The abandonment of irrigation systems matches a phase of riverbed erosion between the 10th and 14th century that coincided with a dry period with low river flows, rather than corresponding with the Mongol invasion, they found.
Analysis of historic river patterns and archaeological sites shows the region revived quickly following the Arab invasions in 7th and 8th century, likely due to favourable wet conditions.
But major drought following the Mongol destruction later on likely prevented the re-establishment of large-scale irrigation-based agriculture.
‘Climate, politics and warfare, and the gradual decline of the Silk Roads trade network all played a role,’ Professor Macklin told MailOnline.
‘Prior to our study, climate change was not seen as a potential factor influencing the success or failure of floodwater farmers in this region.
‘But our new research demonstrates that a decline had already started before the arrival of the Mongols with the gradual abandonment of the irrigation system, agricultural lands and settlements in the region.
‘The timing of these changes correspond with climate-driven changes in the local river system.
‘This makes a strong case for a causal relation between climate change and cultural demise, as the effect of waning floods on floodwater farming is a very direct one – no flood, no water, no crops.’
The research, which is published in Proceedings of the National Academy of Sciences, shows the critical role that rivers can have in shaping world history, according to the authors.
‘The great rivers of Central Asia it seems were not just static “stage sets” for some of the turning points of world history, but in many instances, inadvertently or directly shaped the final outcomes and legacies of imperial ambitions in the region,’ they say.
Earlier this year, another team of researchers reported that Genghis Khan’s Wall’ in Mongolia was actually built to control the movements of nomadic populations.
The famous Great Wall actually consists of multiple fortifications built over time. Pictured, locations of the network of walls that made up the famous Great Wall of China, including the Northern Line, which stands in modern-day Mongolia. The Northern Line has been ‘neglected’ by later researchers, a team of archaeologists reported in another study in 2020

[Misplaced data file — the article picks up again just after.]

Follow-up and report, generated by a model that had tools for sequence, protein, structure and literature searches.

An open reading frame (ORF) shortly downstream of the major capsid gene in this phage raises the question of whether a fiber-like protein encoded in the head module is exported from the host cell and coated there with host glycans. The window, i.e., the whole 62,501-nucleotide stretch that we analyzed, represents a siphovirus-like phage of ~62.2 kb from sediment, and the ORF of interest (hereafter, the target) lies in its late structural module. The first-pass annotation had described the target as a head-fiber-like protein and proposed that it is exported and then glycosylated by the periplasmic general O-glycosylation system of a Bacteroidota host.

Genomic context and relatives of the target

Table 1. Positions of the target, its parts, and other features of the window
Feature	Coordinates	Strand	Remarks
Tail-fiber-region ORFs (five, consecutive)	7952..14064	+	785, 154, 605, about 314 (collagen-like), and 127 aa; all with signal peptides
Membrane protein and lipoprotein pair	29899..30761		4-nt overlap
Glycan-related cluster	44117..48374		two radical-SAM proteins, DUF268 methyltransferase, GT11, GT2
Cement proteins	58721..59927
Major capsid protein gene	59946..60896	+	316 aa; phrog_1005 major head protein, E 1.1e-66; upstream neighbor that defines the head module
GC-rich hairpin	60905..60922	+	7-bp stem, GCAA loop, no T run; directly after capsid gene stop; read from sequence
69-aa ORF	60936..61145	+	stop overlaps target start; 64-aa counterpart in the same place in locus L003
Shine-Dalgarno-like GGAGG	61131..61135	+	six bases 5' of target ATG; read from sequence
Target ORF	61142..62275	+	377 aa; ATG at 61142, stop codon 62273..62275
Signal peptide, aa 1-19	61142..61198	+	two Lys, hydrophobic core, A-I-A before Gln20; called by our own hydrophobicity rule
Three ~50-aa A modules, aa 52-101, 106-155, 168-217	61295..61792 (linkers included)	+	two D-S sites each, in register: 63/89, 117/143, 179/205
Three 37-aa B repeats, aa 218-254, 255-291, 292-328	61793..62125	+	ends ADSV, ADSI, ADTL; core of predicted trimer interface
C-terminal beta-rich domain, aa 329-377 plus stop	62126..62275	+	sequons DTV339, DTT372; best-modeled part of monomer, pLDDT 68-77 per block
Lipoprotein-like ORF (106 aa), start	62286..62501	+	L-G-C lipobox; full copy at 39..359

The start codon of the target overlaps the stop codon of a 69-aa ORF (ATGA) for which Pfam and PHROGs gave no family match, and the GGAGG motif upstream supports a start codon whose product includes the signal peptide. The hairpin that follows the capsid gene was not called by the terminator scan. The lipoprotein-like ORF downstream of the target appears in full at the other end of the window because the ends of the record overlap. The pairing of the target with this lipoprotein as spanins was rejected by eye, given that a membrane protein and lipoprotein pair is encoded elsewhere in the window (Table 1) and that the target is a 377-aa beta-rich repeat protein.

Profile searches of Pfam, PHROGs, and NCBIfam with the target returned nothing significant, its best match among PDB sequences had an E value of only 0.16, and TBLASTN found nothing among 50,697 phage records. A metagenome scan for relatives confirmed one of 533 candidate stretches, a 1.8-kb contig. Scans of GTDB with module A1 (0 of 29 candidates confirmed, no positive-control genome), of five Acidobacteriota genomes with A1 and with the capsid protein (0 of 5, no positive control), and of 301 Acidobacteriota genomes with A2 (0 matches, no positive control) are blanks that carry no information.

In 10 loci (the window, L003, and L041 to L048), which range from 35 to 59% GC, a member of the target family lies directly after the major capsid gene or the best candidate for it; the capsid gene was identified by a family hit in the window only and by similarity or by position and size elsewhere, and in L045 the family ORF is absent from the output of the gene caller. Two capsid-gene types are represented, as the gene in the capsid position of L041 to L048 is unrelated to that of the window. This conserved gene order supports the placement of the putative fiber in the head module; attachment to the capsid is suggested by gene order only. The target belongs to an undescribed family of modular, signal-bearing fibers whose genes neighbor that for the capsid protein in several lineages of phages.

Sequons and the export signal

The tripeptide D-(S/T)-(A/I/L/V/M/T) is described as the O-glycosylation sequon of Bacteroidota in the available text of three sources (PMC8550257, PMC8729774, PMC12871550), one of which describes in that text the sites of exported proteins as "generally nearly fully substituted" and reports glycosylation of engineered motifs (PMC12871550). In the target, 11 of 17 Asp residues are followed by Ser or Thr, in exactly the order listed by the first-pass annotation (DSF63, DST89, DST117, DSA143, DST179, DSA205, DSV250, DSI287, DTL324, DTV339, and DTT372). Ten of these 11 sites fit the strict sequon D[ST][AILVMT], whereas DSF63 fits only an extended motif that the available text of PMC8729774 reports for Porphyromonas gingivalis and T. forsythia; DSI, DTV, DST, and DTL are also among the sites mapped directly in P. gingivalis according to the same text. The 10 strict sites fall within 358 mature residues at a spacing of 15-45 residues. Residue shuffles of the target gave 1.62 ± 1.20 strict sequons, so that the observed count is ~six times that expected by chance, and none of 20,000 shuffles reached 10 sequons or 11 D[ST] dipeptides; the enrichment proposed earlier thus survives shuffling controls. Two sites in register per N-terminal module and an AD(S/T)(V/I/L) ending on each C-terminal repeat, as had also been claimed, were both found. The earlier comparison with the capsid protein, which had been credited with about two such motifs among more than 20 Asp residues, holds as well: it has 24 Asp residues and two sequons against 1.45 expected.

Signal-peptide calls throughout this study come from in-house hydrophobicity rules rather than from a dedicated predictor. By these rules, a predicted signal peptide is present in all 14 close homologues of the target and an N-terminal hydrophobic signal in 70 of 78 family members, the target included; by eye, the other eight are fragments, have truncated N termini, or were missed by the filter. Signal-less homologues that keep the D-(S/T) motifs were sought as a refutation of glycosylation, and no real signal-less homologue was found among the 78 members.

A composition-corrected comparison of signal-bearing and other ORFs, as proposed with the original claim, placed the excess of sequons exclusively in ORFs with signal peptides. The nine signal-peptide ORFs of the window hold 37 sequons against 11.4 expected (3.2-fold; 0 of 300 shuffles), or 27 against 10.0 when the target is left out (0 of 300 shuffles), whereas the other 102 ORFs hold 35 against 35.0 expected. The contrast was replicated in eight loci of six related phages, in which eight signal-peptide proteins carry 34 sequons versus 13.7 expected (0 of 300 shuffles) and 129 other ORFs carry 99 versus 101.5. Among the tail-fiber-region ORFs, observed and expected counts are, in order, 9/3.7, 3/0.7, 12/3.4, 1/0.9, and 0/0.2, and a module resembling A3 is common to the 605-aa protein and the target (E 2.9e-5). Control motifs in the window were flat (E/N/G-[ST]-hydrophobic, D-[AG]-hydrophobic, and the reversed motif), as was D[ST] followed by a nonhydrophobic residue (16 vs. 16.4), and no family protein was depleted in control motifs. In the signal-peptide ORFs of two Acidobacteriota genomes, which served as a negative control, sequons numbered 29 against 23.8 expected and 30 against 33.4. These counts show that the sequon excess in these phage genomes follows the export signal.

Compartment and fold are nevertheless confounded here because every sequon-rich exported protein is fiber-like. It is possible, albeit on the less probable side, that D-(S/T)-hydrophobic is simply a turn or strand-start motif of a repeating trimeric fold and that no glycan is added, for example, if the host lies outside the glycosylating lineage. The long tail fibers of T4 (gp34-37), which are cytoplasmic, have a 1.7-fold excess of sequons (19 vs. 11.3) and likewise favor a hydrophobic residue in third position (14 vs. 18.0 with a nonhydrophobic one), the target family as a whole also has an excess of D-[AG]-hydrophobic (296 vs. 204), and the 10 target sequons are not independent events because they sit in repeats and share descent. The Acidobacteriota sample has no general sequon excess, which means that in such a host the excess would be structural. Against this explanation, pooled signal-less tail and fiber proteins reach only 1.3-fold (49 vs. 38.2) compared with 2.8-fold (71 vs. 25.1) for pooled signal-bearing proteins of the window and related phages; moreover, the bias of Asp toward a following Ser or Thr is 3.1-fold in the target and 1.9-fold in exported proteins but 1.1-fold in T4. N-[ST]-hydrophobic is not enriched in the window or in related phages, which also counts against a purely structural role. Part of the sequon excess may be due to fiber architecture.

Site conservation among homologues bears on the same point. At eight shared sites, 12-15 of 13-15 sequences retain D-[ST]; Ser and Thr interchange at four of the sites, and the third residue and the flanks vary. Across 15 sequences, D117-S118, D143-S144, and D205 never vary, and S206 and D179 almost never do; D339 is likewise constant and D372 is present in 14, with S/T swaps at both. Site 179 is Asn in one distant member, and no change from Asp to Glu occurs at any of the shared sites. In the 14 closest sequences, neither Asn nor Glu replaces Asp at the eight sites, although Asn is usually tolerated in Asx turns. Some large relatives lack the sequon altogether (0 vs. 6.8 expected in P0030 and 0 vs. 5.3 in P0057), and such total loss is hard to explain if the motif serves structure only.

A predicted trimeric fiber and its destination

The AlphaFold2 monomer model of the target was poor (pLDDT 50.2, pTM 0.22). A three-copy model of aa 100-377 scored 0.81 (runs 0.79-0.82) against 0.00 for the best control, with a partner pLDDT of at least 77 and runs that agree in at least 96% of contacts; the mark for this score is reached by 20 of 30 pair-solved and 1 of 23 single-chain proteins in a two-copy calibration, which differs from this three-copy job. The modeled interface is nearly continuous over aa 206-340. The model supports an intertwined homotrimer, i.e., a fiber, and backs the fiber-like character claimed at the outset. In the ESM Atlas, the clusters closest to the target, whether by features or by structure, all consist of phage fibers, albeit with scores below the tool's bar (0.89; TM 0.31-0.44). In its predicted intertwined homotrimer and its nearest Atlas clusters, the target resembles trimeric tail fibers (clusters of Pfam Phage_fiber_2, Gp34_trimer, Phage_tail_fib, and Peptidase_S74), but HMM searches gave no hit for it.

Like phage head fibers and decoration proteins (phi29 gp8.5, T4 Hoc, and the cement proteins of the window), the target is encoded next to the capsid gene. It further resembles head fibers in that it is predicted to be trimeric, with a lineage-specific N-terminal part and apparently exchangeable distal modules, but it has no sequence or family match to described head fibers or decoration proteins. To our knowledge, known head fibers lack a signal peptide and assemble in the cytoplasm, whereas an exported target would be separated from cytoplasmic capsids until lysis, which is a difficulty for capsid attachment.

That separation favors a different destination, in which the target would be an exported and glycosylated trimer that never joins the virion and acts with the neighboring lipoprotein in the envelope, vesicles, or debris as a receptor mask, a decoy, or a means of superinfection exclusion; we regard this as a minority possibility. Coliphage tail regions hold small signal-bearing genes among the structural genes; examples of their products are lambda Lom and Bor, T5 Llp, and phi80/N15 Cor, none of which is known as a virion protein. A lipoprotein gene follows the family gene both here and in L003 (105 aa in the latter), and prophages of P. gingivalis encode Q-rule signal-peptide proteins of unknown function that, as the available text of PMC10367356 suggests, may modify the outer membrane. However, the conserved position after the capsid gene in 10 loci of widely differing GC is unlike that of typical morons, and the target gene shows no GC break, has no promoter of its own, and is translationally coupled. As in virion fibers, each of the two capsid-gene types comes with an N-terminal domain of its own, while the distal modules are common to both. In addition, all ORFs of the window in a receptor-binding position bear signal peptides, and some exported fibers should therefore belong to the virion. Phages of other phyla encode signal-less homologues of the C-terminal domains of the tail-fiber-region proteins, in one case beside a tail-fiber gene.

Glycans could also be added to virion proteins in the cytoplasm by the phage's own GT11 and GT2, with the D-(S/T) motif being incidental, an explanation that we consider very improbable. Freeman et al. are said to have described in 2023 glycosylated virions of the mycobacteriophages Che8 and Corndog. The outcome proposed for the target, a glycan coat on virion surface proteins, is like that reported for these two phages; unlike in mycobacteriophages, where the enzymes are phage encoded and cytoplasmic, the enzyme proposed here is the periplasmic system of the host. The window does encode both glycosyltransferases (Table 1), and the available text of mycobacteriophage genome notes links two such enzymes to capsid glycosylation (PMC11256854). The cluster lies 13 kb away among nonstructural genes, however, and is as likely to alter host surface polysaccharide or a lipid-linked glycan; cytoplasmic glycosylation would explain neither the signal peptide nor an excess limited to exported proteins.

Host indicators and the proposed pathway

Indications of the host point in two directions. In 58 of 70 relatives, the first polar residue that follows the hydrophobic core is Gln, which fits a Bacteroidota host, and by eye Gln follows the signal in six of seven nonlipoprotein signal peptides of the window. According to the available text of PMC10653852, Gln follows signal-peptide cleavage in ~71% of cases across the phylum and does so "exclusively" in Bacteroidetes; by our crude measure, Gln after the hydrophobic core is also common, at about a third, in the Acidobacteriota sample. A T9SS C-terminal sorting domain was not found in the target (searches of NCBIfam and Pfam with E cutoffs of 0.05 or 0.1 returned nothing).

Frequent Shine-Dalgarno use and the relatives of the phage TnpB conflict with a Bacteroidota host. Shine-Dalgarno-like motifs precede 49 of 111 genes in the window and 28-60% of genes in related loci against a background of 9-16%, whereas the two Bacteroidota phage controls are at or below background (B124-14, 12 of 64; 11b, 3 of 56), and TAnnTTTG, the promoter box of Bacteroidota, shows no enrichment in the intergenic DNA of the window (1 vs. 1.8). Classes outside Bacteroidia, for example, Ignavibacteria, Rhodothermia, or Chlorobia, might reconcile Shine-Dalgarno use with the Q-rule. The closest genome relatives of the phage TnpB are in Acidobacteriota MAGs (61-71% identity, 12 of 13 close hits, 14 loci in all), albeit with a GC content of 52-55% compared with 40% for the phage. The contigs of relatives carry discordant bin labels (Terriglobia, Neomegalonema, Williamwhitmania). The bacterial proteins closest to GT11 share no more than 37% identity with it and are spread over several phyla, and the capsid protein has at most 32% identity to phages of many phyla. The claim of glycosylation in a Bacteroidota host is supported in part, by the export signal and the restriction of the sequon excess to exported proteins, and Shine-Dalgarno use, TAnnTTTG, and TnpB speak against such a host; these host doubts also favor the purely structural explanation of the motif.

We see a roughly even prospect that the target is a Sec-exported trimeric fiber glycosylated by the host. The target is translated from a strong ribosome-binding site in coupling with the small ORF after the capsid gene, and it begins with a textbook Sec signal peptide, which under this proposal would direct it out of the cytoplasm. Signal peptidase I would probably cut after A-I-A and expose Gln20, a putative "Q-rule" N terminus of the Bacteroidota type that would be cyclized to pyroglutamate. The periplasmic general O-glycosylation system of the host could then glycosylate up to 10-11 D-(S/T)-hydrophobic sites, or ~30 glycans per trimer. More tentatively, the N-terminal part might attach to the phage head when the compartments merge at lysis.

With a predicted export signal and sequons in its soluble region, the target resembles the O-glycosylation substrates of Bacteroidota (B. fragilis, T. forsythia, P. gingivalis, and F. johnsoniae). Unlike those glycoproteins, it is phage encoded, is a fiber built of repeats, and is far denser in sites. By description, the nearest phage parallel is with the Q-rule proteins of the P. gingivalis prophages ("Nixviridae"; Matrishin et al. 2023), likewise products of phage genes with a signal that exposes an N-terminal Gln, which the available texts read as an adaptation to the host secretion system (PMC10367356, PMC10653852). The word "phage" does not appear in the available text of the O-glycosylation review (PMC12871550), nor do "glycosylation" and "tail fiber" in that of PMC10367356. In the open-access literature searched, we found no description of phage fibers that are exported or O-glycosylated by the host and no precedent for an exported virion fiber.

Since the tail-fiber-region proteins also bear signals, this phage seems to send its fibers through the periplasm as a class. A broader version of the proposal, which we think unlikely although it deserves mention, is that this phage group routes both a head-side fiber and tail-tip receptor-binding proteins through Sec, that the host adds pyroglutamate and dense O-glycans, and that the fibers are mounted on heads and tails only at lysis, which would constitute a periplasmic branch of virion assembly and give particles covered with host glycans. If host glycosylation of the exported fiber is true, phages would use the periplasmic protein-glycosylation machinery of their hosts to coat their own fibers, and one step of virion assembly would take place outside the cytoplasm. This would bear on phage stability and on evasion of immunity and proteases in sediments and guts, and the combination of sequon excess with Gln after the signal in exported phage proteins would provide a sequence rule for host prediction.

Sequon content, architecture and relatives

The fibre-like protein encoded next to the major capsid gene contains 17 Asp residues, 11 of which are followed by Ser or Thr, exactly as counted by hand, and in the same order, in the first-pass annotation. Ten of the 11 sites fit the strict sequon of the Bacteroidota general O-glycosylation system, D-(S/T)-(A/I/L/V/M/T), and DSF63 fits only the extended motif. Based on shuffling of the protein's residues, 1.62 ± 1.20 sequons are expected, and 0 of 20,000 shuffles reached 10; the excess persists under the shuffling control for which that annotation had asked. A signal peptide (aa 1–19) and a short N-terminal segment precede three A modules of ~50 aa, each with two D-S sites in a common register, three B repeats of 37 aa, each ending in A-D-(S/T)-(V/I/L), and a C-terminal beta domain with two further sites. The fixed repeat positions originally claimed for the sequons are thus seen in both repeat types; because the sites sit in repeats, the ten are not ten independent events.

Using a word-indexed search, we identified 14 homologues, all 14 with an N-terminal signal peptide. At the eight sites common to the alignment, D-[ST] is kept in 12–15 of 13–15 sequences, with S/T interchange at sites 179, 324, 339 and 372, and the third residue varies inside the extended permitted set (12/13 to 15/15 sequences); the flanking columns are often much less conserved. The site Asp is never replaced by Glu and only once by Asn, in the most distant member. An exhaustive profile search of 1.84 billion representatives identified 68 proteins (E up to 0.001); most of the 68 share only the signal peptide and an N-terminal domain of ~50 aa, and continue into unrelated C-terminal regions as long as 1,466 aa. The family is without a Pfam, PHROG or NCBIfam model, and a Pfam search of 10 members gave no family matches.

The archaeologists conducted the first systematic survey of ‘The Northern Line’ – part of The Great Wall that’s located outside China.
This particular part of the Great Wall network was originally thought to be intended to defend against large invading armies.
However, the wall was not primarily defensive and instead helped the ruling Liao dynasty monitor and control the inhabitants of the region.
In particular, the Northern Line helped monitor tribes that formed Genghis Khan’s powerful Mongolian Empire, according to the report from June, published in the journal Antiquity.
GENGHIS KHAN: THE GENOCIDAL FOUNDER OF THE MONGOL EMPIRE
Genghis Khan was the founder and Great Khan of the Mongol Empire
Genghis Khan was the founder and Great Khan of the Mongol Empire.
In the early 1200s he united the Mongol tribes, creating a military state that invaded its neighbours and expanded.
The Empire soon ruled most of what would become modern Korea, China, Russia, eastern Europe, southeast Asia, Persia and India.
Khan made himself master of half the known world, and inspired mankind with a fear that lasted for generations.
He was a prolific lover, fathering hundreds of children across his territories. Some scientists think he has 16 million male descendants alive today.
By the time he died in August 1227, the Mongol Empire covered a vast part of Central Asia and China.
Originally known as Temüjin of the Borjigin, legend has it Genghis was born holding a clot of blood in his hand.
His father was Khan, or emperor, of a small tribe but was murdered when Temüjin was still young.
The new tribal leader wanted nothing to do with Temujin’s family, so with his mother and five other children, Temüjin was cast out and left to die.
In all, Genghis conquered almost four times the lands of Alexander the Great. He is still revered in Mongolia and in parts of China.
Historians estimate he was responsible for the deaths of nearly 40 million people with his large-scale massacres of civilian populations.